July 22nd, 2021
What a great substance: sugar. Also evil. It tastes amazing and gives us a lot of energy, it’s nutrient as a sponge (meaning: not at all), makes us fat and makes our tooth decay. But it’s not all the same. There are different kinds of sugar (glucose, fructose…basically everything that ends on “-ose”): Lactose & galactose can be found in dairy products, maltose in grains, fructose in fruits, and sucrose is the sugar that’s made out of sugar beet or sugar cane and is used in chocolate and candy.
Like salt and fat (and lots of other things), sugar is important for functioning bodies. But like salt and fat, sugar is so common in our Western diet that the problem is not eating too little of it, but too much. Our bodies can make glucose (the “human body’s key source of energy”, according to Wikipedia) out of lots of non-sugary food, including vegetables, wheat, rice, nuts and seeds.
You might be surprised by the amount of sugar in an infant formula – turns out, breast milk contains a similar amount of lactose, which is important for a baby’s health.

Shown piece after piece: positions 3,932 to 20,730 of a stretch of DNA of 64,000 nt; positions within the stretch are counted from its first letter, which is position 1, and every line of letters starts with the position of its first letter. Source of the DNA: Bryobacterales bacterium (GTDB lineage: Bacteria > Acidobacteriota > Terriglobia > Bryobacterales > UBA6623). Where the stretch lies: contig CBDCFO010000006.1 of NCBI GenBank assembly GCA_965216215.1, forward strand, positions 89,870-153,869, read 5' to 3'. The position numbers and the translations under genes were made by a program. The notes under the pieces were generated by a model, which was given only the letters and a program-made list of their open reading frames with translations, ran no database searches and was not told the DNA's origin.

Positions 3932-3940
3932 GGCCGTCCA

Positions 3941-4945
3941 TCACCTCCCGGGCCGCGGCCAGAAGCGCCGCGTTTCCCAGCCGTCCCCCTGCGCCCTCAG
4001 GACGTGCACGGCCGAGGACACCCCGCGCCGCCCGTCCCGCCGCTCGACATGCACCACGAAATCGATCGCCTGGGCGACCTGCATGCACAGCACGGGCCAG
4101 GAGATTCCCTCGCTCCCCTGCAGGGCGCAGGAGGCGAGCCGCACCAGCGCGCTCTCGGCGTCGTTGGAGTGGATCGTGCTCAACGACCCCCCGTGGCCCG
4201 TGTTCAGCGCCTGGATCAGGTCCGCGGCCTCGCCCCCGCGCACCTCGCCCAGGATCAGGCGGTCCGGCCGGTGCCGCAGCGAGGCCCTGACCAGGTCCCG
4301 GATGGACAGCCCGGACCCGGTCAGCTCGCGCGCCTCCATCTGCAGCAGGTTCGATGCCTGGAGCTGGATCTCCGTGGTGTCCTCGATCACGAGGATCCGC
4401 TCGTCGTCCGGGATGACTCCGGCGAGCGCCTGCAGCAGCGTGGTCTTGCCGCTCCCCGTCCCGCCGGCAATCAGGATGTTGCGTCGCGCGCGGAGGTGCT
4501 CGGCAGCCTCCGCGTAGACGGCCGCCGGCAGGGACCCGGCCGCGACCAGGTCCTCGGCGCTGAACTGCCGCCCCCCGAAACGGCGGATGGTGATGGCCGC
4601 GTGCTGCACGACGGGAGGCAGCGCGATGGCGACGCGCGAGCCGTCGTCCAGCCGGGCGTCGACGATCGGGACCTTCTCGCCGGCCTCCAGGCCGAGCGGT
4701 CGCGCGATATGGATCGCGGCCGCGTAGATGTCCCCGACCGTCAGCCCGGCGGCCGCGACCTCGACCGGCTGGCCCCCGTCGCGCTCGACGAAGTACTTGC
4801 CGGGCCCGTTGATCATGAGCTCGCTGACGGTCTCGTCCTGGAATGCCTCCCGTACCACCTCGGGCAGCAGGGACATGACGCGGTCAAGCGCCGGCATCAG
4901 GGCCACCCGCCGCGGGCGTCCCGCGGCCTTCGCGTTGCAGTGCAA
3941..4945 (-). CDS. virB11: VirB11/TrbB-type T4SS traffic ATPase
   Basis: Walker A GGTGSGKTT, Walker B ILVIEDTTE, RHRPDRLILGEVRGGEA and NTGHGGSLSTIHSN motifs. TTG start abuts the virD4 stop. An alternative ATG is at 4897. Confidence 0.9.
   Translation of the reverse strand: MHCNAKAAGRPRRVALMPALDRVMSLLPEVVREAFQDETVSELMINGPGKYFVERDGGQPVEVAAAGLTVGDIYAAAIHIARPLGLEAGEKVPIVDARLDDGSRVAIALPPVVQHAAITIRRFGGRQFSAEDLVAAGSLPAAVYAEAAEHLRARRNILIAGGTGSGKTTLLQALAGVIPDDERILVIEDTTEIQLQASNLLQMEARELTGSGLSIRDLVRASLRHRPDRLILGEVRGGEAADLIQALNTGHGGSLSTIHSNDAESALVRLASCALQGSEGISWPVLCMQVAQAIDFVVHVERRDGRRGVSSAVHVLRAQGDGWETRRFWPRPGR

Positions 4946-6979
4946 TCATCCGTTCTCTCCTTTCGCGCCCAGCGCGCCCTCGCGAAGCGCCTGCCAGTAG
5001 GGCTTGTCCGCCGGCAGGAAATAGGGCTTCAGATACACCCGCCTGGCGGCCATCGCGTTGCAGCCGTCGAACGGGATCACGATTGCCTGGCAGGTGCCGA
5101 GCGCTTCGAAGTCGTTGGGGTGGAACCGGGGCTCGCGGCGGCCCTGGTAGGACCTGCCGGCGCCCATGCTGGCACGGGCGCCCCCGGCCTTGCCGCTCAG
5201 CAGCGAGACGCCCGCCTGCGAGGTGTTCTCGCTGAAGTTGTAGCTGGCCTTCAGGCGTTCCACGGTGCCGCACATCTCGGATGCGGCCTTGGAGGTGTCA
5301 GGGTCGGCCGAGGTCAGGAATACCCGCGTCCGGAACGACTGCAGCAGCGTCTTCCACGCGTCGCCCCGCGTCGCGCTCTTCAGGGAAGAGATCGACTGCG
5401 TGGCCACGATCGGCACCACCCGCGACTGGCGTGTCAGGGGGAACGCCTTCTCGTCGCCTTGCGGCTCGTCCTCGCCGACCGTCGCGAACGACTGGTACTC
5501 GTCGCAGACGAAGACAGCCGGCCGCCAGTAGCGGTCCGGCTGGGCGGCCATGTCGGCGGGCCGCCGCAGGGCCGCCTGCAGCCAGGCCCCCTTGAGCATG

Last week, I wrote about the importance of reducing data to increase readability. This week, I want to make a point for adding data. Yes, we could have made a simple bar chart showing the amount of total sugar in each of these foods, without splitting them up in different kinds of sugar. Yes, it would still be an interesting chart. But it would remove so much available data that it would hurt a bit.
Don’t get me wrong: All charts simplify the world to add insight, and in my opinion, that’s a huge part of what makes charts so appealing. But in our case, we do have the data to show the parts our bars split up into. So why not use it? Why not add nuance? In our case, it doesn’t reduce readability by a lot. It even adds more insight. But most important: It adds a bit of the world’s complexity back to our chart.
Complexity in a chart is a bit like sugar in a diet: The right dose differentiates a poison and a remedy. Hm, does that make sense? It’s close to not making sense at all. Anyway, see you next week!